So what is their solution? Pintrest raised $100 million last month and has now stolen one of Google’s top legal advisors. Frankly, I have no idea if the two are connected, but I can tell you this: Google’s Superman, Michael Yang, now works for Pintrest.
That is right, this is in fact a major question that has been bothering me since the transfer. If you know Google well enough, nobody need tell you who Michael Yang is. In short, if it weren’t for Yang, Google would be in a soup in a huge number of cases by now (notably since 2010,) especially in their ridiculous Chrome case — the one where Google’s terms declared anything you typed into Chrome is theirs by copyright, remember?
For the record, I am actually typing this in Chrome and that is because this copyright issue has long been tackled. And who else tackled it but Michael Yang?
He was head of a 200-strong team of lawyers and Google called him their deputy general counsel. We will simply call him their legal superman.
Kryptonite, Superman’s weakness. Is copyright Pintrest’s?
So that is agreed upon, Yang is Superman; but what can even Michael Yang do when a company has indeed infringed copyrights?
With Google it was mostly a matter of convincing the masses, the congressmen, several lawyers and making sure they knew Google was on the right side of the copyright and privacy laws. But with Pintrest, there is a whole pinboard of copyright-infringed material right before your screen and it would hardly help to say you did not mean to infringe anybody’s copyright?
You put up a picture, somebody pins it. Does that mean they stole the picture and copyright from you? Or does that mean they borrowed it? If it is the latter, did they ask your permission to borrow/pin it before they actually did so? If not, does that not amount to stealing it? And if you are convinced it will give you traffic, (which your email, Google+ or Facebook can also do, for that matter,) does it mean (now that the content is on Pintrest) that Pintrest owns your content? The catch is, Pintrest does not make that clear.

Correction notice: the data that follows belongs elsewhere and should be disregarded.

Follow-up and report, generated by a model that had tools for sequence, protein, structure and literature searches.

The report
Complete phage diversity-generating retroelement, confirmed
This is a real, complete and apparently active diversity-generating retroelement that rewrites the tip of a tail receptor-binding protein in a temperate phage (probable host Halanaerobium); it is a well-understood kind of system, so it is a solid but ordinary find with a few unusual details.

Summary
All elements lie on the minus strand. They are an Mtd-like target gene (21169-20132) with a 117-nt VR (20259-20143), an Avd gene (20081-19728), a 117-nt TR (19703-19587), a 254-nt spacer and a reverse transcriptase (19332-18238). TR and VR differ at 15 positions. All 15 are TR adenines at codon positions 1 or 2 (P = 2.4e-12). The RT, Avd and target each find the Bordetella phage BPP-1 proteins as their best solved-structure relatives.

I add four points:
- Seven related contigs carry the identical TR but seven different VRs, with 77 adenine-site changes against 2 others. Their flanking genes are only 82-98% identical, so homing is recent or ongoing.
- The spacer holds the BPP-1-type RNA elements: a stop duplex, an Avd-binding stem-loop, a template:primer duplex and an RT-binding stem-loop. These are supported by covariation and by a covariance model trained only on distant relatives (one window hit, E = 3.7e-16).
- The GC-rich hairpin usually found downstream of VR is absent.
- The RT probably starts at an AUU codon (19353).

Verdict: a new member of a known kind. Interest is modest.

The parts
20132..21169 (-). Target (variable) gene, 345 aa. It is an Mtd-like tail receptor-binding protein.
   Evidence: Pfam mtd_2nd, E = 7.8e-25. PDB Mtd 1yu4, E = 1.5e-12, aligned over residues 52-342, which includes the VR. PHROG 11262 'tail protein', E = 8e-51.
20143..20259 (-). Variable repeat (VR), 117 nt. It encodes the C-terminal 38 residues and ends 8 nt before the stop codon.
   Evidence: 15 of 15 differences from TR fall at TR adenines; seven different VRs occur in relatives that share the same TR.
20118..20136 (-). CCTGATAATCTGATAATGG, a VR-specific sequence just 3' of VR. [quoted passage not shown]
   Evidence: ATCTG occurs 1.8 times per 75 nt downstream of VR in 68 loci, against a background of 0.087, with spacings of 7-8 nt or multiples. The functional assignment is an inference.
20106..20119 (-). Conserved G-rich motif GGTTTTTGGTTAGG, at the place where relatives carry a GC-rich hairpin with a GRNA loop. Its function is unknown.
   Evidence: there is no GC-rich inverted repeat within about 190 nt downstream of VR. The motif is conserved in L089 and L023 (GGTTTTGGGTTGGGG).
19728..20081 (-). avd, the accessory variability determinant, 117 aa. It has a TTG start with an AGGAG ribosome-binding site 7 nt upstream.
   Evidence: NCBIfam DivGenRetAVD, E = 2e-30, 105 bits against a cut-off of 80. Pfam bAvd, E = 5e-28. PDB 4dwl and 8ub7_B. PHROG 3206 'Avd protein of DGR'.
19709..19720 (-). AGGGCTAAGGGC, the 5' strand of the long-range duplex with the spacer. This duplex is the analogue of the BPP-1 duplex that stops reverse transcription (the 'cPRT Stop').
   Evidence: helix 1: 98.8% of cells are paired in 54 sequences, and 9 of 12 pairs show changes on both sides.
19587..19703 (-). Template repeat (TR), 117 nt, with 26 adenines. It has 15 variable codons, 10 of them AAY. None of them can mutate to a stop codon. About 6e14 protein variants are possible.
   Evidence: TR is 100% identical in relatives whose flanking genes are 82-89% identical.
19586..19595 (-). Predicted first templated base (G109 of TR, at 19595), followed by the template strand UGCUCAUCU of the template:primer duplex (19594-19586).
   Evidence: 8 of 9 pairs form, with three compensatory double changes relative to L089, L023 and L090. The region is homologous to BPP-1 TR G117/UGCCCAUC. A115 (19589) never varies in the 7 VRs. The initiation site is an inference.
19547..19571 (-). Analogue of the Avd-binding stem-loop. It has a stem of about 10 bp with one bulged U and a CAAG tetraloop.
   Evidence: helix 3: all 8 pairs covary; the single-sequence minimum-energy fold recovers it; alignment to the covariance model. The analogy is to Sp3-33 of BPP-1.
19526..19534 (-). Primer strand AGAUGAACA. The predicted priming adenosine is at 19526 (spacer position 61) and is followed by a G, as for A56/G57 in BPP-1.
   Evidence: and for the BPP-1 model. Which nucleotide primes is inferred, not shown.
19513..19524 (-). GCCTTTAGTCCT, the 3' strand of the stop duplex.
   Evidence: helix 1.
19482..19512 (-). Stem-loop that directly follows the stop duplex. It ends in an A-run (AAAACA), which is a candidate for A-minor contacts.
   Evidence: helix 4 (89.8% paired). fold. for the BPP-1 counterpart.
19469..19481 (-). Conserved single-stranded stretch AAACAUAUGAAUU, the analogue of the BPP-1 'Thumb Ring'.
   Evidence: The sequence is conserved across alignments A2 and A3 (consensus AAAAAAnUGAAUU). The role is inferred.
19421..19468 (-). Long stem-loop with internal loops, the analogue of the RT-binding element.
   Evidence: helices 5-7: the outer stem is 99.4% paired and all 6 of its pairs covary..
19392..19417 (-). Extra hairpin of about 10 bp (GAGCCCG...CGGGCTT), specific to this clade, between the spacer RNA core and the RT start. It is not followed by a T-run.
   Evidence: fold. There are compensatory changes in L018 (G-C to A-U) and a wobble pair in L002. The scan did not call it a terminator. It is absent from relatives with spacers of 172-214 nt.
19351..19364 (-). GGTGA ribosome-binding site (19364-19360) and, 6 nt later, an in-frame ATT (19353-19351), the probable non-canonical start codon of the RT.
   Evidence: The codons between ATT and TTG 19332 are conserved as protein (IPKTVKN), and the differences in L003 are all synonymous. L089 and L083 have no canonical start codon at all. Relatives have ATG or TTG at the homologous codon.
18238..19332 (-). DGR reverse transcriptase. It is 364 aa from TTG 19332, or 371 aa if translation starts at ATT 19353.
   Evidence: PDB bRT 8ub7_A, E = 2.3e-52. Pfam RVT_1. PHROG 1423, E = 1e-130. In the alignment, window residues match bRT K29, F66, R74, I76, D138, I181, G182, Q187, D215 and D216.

And that in turn means I can sue, you can sue, Fortune 500 companies can sue. And Michael Yang will address us all.
But take one step further and you will find scarier things. Pintrest, in a way, actually does talk about copyrights. It states that you are responsible for what you pin, and that you need to have the owners explicit permission before doing so. In other words, blindly clicking the pin button is not the end of it; it is the beginning of severe legalities.
What does the future hold for Pintrest?
Clearly, Pintrest saw big troubles coming up ahead and quickly hired Mr Yang to help them out. They found out that a majority of what their users pinned was copyright content, pinned without permission from their owners. And, on the other hand, Mark Zuckerberg (who thinks he can defeat competition by buying them for millions) might want to re-think buying The Fancy, a Pintrest competitior because there does not seem to be another Michael Yang for him to hire out there.
Well, perhaps not everybody can hide behind the small print. As for what will really happen to Pintrest, only time will tell. My question is, given all this, was Michael Yang a worthy investment for Pintrest? I definitely do not doubt Mr Yang’s exceptional legal capabilities, but when the company you are working for (and its users) are openly at fault, where is the question of defending them to whatever small length? Pintrest would do better to carefully and correctly re-write their terms of usage and not equivocate when it comes to copyright issues.
What do you think? What can Yang do for Pintrest? Is Pintrest safe at all? And should Google have held on to Yang in the first place?